Pulsing – Early excursions into local Eighties Electronica.

Well before smiley faced whistle blowing club goers were, ‘right on one matey’ and losing themselves in ecstatic bliss on UK dance floors, local Kiwi creators were twiddling knobs and injecting their own brand of synthesised soul into the club scene and national sales charts.

Post punk, studio fused tracks took the raw elements of an anti-establishment mentality whilst embracing new technologies such as sampling keyboards and funky frequencies, to redefine the sounds and styles of what we were used to hearing on our turntables.

From as early as 1979, Mi-Sex, a neo-new wave collective, combined cutting edge studio production with a dynamic live show to expand and explode this new electronic/guitar noise on our unsuspecting eardrums. Led by enigmatic Steve Gilpin as lead vocalist, Mi-Sex scorched the charts with sonic singles ‘People’ and ‘Computer Games’. The later timeless classic rammed a repetitive keyboard loop into the mainstream, full of attitude with a brainwashing beat to hypnotise and exorcise our living rooms.

Another epic slab of energetic experimental ism came in the form of Body Electric, a loose studio based band of post punk pioneers emerging from the ashes of Wellington’s punk and proud The Steroids. Steered by the clever hands of Alan Jansson (yes, he of ‘How Bizarre’ fame), Body Electric tinkled with the idea of aural anarchy via the airwaves of the burgeoning student radio network. 1982 saw their local launch of ‘Pulsing’, an extended mix of chaotic frequencies, which took on the mighty Sheffield synth gods Human League, taking a place on our national charts after nearly 3 months of slow building airplay support. To this day ‘Pulsing’, is highly unique, in that it sounds like a techno time capsule from the future, beat-box blades scraping a mashed up melody from scraps of psychotic ranting, hypnotic, harmful and yet fully immersive.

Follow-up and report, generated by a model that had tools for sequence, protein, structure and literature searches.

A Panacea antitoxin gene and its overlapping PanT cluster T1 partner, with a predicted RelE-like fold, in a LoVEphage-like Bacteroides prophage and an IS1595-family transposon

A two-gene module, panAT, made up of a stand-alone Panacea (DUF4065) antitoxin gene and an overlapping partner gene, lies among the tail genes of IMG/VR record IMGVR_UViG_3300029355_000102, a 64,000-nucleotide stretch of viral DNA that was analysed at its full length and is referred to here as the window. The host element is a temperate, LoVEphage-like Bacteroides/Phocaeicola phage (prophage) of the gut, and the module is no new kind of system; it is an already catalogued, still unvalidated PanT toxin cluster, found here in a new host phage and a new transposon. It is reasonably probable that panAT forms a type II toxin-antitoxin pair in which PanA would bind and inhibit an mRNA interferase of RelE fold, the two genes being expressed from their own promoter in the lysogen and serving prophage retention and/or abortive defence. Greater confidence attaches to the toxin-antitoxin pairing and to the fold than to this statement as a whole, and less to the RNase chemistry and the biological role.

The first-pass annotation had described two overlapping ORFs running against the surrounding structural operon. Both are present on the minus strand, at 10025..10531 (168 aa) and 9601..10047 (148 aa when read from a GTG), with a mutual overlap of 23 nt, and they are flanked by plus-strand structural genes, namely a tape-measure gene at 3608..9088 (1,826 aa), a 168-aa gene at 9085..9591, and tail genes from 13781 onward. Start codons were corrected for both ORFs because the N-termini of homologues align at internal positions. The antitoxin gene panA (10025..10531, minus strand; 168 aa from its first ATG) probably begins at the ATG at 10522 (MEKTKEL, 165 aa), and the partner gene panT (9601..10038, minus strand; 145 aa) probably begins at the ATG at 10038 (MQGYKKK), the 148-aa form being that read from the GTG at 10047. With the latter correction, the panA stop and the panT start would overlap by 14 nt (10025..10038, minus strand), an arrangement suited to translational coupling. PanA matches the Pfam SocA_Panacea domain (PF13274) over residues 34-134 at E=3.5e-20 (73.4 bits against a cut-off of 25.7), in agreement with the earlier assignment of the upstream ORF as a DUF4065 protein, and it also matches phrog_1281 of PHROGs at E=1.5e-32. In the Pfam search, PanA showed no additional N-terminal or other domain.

At this time Split Enz were crafting a less manic mindset and New Zealand culture and sounds were calming down from banging heads and piercing punk provocativeness to a financially fused production experience. Often behind closed doors in well stocked studios, overseas inspiration was flooding into our creative process, with Kraftwerk and Public Image Limited paying a prominent part in shaping our future sounds.

Check out some Mi-Sex and see how it stacks up with today's sound or delve into the equally excellent compilation It's Bigger than the Both of us, both well worth a re-visit.
Alternatively, for an equally excellent excursion slap on the Hallelujah Picassos,  or the dreamy dubbed out bliss of Pitch Black, proud examples of what a well stocked studio can deliver.

Dave Tucker        


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